Low red tide amounts detected near Fort De Soto Park, state officials say

The latest test results from Pinellas County’s Environmental Management team Thursday showed low levels of red tide at Gulf Pier and Bay Pier in Fort De Soto Park in Pinellas County.

Florida wildlife officials released data Wednesday that showed low amounts of red tide were found offshore near North Beach at Fort De Soto Park in Pinellas County

The Florida Fish and Wildlife Conservation Commission said even though there are low levels of red tide, there’s still the potential for respiratory issues and for fish kills. Pinellas County Health Department officials said if you have chronic respiratory issues already that you should stay away from the area. If you start to feel sick, they advise that you leave the area and go into air conditioning.

They also urge you to keep your pets away from the water. 

According to FWC, over the past week, the red tide organism karenia brevis was observed in 65 samples. Bloom concentrations, defined as those greater than 100,000 cells per liter, were present in 34 samples: one in Manatee County, 26 in Sarasota County, five in and offshore of Lee County, and two in and offshore of Collier County. 

Over the past week, the toxic algae was observed at background to low concentrations in Pinellas County, very low to medium concentrations in Manatee County, and very low to high concentrations in Sarasota County. 

Sarasota and Manatee are also among the counties where reports of respiratory irritation and fish kills suspected to be related to red tide were reported over the past week.

MORE: Dead fish line Siesta Beach as red tide impacts parts of Sarasota Bay

In Sarasota, John Langan, the ocean technology program manager at Mote Marine Laboratory and Aquarium, said programmable hyperspectral seawater scanners that they have just off of a dock near the aquarium can sense red tide before the water changes color or there’s an odor.

"Early detection is really important due to the fact that there’s a lot of mitigating technologies being developed here at Mote, so if we can determine the presence of red tide before a bloom occurs, and it gets really, really bad, then we can deploy those mitigating technologies and lessen the effects of the red tide," Langan said.

According to Langan, the scanners are deployed for 40 days at a time and are solar-powered. They only detect the presence of red tide. He said they’re working to get them to detect the concentration levels too.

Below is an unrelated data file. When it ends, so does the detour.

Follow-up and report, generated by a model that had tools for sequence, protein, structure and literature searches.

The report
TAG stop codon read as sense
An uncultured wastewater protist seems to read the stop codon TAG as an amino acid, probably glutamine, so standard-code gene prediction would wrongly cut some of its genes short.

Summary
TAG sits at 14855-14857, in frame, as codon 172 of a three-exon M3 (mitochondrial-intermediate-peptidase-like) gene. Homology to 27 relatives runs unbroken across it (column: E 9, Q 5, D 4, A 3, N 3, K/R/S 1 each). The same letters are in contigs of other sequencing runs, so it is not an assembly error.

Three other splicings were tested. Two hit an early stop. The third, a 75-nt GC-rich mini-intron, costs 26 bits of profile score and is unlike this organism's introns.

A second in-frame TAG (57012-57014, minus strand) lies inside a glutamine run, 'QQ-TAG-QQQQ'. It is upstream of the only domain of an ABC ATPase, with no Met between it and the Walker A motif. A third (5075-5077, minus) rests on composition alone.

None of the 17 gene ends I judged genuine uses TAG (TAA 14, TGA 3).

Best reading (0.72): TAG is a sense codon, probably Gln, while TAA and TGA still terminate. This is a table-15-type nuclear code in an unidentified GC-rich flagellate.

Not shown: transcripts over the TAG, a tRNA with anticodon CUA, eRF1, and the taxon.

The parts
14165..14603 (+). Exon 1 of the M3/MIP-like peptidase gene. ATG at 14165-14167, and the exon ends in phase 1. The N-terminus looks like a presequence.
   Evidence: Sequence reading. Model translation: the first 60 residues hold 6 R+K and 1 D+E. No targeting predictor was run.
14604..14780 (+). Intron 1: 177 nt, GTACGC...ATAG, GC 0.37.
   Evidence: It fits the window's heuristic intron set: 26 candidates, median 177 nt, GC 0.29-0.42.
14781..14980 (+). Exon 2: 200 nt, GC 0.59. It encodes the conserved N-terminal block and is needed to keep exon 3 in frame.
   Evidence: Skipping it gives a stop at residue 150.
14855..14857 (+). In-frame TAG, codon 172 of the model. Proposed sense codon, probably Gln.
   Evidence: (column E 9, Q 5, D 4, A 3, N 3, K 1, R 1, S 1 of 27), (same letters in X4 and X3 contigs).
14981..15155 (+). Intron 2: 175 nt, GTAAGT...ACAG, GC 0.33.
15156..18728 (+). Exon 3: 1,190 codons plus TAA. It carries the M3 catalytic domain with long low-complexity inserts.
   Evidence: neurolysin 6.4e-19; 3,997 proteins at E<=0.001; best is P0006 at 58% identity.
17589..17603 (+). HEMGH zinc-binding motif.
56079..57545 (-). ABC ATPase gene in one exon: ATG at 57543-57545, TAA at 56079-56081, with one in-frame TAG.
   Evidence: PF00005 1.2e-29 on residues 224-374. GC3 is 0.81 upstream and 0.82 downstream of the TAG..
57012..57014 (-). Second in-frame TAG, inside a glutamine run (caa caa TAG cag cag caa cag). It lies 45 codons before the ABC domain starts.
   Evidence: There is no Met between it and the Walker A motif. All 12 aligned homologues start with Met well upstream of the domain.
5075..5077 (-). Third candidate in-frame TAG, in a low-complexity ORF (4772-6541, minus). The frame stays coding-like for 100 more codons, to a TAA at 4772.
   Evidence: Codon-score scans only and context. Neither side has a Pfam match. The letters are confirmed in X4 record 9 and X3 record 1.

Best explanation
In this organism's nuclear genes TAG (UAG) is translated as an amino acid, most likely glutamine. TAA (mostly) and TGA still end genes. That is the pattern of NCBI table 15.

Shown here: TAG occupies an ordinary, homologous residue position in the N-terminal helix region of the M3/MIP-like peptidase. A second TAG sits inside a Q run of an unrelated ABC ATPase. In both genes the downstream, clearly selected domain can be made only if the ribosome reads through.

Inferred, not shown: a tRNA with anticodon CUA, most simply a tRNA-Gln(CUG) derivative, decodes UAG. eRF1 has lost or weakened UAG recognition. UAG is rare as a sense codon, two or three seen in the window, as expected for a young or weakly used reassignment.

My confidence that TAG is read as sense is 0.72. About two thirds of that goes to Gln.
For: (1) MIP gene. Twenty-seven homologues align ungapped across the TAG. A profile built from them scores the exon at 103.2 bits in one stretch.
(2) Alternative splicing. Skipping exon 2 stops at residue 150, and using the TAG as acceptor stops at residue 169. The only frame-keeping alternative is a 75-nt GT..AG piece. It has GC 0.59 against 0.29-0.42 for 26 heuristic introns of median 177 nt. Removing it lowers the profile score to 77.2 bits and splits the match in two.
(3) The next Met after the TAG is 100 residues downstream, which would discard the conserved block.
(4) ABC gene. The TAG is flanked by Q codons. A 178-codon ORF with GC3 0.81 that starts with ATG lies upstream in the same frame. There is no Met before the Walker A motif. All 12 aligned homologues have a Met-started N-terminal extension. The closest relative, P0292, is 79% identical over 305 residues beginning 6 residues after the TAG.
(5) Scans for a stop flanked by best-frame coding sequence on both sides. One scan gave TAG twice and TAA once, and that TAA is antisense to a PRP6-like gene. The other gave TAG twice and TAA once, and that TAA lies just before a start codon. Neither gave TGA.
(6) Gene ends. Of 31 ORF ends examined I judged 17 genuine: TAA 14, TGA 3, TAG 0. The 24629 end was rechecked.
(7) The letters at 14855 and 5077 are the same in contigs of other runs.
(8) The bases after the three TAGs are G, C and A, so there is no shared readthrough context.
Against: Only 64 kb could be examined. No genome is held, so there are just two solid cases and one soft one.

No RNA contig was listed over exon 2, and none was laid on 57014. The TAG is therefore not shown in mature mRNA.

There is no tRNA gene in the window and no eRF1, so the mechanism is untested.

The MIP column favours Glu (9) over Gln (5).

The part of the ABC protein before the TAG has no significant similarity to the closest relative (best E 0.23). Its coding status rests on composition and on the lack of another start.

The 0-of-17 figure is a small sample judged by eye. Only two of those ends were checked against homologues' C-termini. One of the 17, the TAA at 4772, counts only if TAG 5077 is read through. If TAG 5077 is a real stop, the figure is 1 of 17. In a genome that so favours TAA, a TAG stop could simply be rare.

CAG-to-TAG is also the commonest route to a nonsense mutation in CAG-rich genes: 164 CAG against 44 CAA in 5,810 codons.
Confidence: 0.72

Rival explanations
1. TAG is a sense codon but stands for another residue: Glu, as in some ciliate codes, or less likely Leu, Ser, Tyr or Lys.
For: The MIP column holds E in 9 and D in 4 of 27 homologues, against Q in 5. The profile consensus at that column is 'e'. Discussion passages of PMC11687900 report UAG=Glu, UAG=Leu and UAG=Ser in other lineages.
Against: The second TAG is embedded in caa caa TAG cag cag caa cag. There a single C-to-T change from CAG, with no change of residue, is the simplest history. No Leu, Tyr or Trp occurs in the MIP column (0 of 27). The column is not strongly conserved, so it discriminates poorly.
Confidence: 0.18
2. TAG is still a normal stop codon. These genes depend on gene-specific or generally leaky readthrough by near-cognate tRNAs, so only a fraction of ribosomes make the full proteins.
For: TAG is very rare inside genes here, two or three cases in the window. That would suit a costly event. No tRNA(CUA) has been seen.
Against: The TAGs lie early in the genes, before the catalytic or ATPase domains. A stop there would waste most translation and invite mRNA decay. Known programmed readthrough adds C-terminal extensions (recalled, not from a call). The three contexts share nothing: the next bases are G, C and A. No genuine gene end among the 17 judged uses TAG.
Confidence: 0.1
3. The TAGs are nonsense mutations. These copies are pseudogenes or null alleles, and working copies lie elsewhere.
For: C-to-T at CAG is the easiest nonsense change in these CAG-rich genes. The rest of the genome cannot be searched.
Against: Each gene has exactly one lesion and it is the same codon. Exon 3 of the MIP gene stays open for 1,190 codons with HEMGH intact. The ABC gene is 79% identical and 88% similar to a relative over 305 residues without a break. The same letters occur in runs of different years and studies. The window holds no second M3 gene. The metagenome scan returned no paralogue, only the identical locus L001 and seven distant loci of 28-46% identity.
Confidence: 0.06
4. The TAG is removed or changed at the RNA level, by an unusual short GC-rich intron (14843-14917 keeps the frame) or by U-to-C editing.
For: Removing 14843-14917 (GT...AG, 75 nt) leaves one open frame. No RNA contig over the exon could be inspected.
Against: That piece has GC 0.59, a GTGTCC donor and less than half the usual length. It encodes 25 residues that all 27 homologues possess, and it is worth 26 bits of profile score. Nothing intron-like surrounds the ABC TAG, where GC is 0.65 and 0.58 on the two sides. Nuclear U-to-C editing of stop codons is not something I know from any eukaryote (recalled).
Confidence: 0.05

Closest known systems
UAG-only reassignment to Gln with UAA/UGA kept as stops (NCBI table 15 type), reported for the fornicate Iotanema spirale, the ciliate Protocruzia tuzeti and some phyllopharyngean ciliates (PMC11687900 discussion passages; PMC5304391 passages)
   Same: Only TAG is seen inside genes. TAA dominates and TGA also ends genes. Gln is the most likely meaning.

Langan said they also use underwater autonomous gliders to collect water quality data offshore. This, he said, allows them to look at areas that have high or low levels of dissolved oxygen or high or low levels of chlorophyll a. These parameters can help them predict where blooms may occur, he said.

Overall red tide forecasts predict variable transport of surface waters and southeastern movement of sub-surface waters in most areas into the weekend. 

FWC said it takes samples every Monday. Pinellas County officials said they test every two to three days. Both said they plan to monitor the tides and winds as both shift. 

"Very low" concentrations, identified by a cell abundance of 1,000 - 10,000 cells per liter, can result in possible respiratory irritation and shellfish harvesting closures when cell abundance equals or exceeds 5,000 cells per liter. 

"Low" concentrations, identified by a cell abundance of 10,000 - 100,000 cells per liter, can result in respiratory irritation; shellfish harvesting closures; possible fish kills, and probable detection of chlorophyll by satellites at the upper range.

"Medium" concentrations, identified by a cell abundance of 100,000 - 1,000,000 cells per liter, can result in the same effects with an increased likelihood of fish kills and detection of surface chlorophyll by satellites. 

"High" concentrations are identified by a cell abundance greater than 1,000,000 cells per liter, bringing intensified effects plus water discoloration.

For more information on red tide in your area, visit Mote's website.